Many companies prefer to move existing employees to available positions within the company if possible. You already know them, and they know the company. Some employees may be rich in experience, but poor in formal qualifications. Should you hesitate to move them up?

If you have a choice of a new recruit with a shiny new degree or one with a few years of solid on-the-job experience, which will you choose?

Matt Hackett, manager of the digital & marketing recruitment team at Orchard, believes that a degree qualification used to be a major deciding factor in who got the job. But as more people have gained degrees, employers have become less impressed on the whole, and focused more on experience.

On the age-old question of qualifications versus experience, there may be a middle ground: Recognition of Prior Learning, or RPL.

What is RPL?

Skills Certified Australia says that Recognition of Prior Learning “allows individuals to be granted all, or part of, a nationally recognised qualification by demonstrating skills, understanding and experience in a particular field of work.” The skills and knowledge could have been gained through:

  • An overseas qualification, even if not recognised in Australia
  • Experience gained over the course of an individual’s career
  • Life experience gained in the community or with volunteer organisations
  • Formal training conducted by industry or educational institutions

The skills should be current, relevant, and demonstrable.

According to Volunteering Australia, “the main principle underpinning RPL is that for competency based training the focus should be on the outcomes of learning, rather than how, when or where the learning occurred.”

What is RPL used for?

RPL often serves to identify and then fill the gaps in an individual’s knowledge or qualifications. This can be done without investing the time needed for a full course of study at university or TAFE.

Many mature employees already have the necessary skills to do their job competently, but not the motivation to hit the books for long-term study just so they can say they are qualified. It’s hard to see the point of spending months or years studying often useless material when they already have the practical know-how.

Consider for example someone without formal qualifications in management, but who is heavily involved as a volunteer in their church or other community work. Their non-work life may include skills as diverse as managing people, organising projects, conflict resolution, and public speaking. This experience could be used as credit towards a formally recognised certificate or diploma in Business, Leadership & Management, or Work Health and Safety.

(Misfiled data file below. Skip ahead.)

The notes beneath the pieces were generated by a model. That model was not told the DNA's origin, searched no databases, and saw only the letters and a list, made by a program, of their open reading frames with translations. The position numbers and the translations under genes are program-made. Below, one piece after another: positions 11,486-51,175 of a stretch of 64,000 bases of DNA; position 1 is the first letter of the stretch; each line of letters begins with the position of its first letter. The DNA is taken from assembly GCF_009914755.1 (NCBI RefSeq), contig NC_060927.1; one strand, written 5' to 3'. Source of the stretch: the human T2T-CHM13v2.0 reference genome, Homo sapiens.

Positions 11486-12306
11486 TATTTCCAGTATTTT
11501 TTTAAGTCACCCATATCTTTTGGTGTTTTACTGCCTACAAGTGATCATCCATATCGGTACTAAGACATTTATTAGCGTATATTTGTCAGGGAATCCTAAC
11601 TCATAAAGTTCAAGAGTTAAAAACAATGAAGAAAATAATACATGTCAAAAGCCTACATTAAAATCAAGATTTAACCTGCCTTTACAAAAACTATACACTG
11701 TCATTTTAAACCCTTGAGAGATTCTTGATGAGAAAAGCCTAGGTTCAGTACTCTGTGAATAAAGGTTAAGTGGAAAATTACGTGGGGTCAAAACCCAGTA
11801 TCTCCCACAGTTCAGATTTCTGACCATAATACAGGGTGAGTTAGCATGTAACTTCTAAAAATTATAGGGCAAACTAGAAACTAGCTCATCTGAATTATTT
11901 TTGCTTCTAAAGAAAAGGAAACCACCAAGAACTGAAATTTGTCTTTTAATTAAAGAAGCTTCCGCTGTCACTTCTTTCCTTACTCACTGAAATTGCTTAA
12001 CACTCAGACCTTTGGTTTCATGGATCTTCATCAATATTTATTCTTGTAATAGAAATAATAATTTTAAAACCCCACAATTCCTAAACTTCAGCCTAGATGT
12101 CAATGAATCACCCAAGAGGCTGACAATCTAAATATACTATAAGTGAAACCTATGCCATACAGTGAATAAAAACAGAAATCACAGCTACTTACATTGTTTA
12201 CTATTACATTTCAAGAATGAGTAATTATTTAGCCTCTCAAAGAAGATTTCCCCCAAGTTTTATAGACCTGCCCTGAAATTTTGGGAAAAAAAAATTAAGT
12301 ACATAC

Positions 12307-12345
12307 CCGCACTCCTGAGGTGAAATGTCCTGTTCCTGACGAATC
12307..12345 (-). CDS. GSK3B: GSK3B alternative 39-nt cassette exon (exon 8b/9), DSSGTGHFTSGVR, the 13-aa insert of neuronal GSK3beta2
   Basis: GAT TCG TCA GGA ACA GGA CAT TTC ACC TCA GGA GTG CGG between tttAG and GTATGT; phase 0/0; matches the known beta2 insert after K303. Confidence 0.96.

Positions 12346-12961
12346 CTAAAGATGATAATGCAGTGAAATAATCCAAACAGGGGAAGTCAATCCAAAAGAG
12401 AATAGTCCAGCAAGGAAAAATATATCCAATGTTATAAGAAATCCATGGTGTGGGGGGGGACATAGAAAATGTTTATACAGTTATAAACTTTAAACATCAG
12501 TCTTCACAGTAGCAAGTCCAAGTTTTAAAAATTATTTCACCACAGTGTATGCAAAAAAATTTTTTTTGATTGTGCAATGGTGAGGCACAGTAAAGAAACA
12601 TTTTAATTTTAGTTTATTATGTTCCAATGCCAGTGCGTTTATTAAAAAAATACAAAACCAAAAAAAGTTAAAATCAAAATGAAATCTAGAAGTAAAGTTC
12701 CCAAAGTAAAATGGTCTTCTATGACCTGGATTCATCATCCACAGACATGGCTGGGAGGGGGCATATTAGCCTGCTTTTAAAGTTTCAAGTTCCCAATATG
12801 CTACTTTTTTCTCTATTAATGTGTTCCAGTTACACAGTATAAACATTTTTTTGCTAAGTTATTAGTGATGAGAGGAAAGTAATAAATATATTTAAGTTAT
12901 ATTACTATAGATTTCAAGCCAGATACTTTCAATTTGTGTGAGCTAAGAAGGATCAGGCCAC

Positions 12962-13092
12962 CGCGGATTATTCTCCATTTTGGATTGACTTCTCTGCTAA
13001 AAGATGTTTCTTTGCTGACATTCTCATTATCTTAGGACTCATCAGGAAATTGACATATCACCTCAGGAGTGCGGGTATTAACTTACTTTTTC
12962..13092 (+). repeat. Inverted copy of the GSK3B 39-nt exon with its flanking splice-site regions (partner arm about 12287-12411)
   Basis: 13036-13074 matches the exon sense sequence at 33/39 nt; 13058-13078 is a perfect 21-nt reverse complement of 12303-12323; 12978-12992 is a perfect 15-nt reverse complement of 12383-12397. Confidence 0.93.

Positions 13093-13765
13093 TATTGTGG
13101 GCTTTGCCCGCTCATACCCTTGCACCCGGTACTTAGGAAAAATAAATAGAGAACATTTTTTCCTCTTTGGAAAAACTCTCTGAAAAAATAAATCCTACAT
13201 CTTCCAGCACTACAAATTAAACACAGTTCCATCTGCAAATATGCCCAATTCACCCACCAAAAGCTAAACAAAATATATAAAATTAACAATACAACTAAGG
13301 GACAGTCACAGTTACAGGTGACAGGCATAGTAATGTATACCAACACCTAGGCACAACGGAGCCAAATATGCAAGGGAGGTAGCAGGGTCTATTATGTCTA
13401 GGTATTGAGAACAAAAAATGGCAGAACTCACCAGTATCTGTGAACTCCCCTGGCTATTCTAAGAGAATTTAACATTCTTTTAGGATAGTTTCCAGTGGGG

What’s in it for your business?

The NSW Department of Education and Communities gives this list of potential advantages to an employer considering RPL:

  • Employees gain qualifications without spending more time than necessary in off-the-job training
  • Employee motivation and retention
  • Having employee competencies measured and confirmed against external national benchmarks
  • Saving money on unnecessary training
  • Provision of individual training needs analysis information about employees at the same time as recognising existing skills and knowledge
  • Evidence of the organisation’s commitment to continuous improvement and quality if required as part of the organisation’s assessment for quality endorsement
  • Proof the business meets national benchmarks in its operations
  • Evidence towards individual employee performance appraisals
  • Capability to maintain an up-to-date skills base in your business and to be able to demonstrate this when competing for work.

The NSW Department of Industry says that such “recognition is faster, cheaper and more efficient than putting people through training in areas they already know well. It means less time off the job and is more satisfying for the learner.”

How does RPL work?

In Australia, Registered Training Organisations (RTO), like Learning Sphere or Qualify Me, can issue formal certification after assessing and supplementing the individual’s prior experience or learning.

Skills Certified Australia outlines a typical RPL pathway:

  1. Assess the candidate’s current skills
  2. Compile a portfolio of evidence relating to the candidate’s relevant experience
  3. Evidence is reviewed by an assessor through an RTO. The assessor may ask for additional evidence, or may require extra training to fill any gaps
  4. The RTO can then issue the qualification, which is the same as that received from full-time study.


Using the best people in the best possible way for your company need not require a university degree. Many competent employees have gained valuable experience in other fields of their lives—experience which can be easily converted into officially recognised accreditation. The savings in time and money can benefit both the company and the individual.


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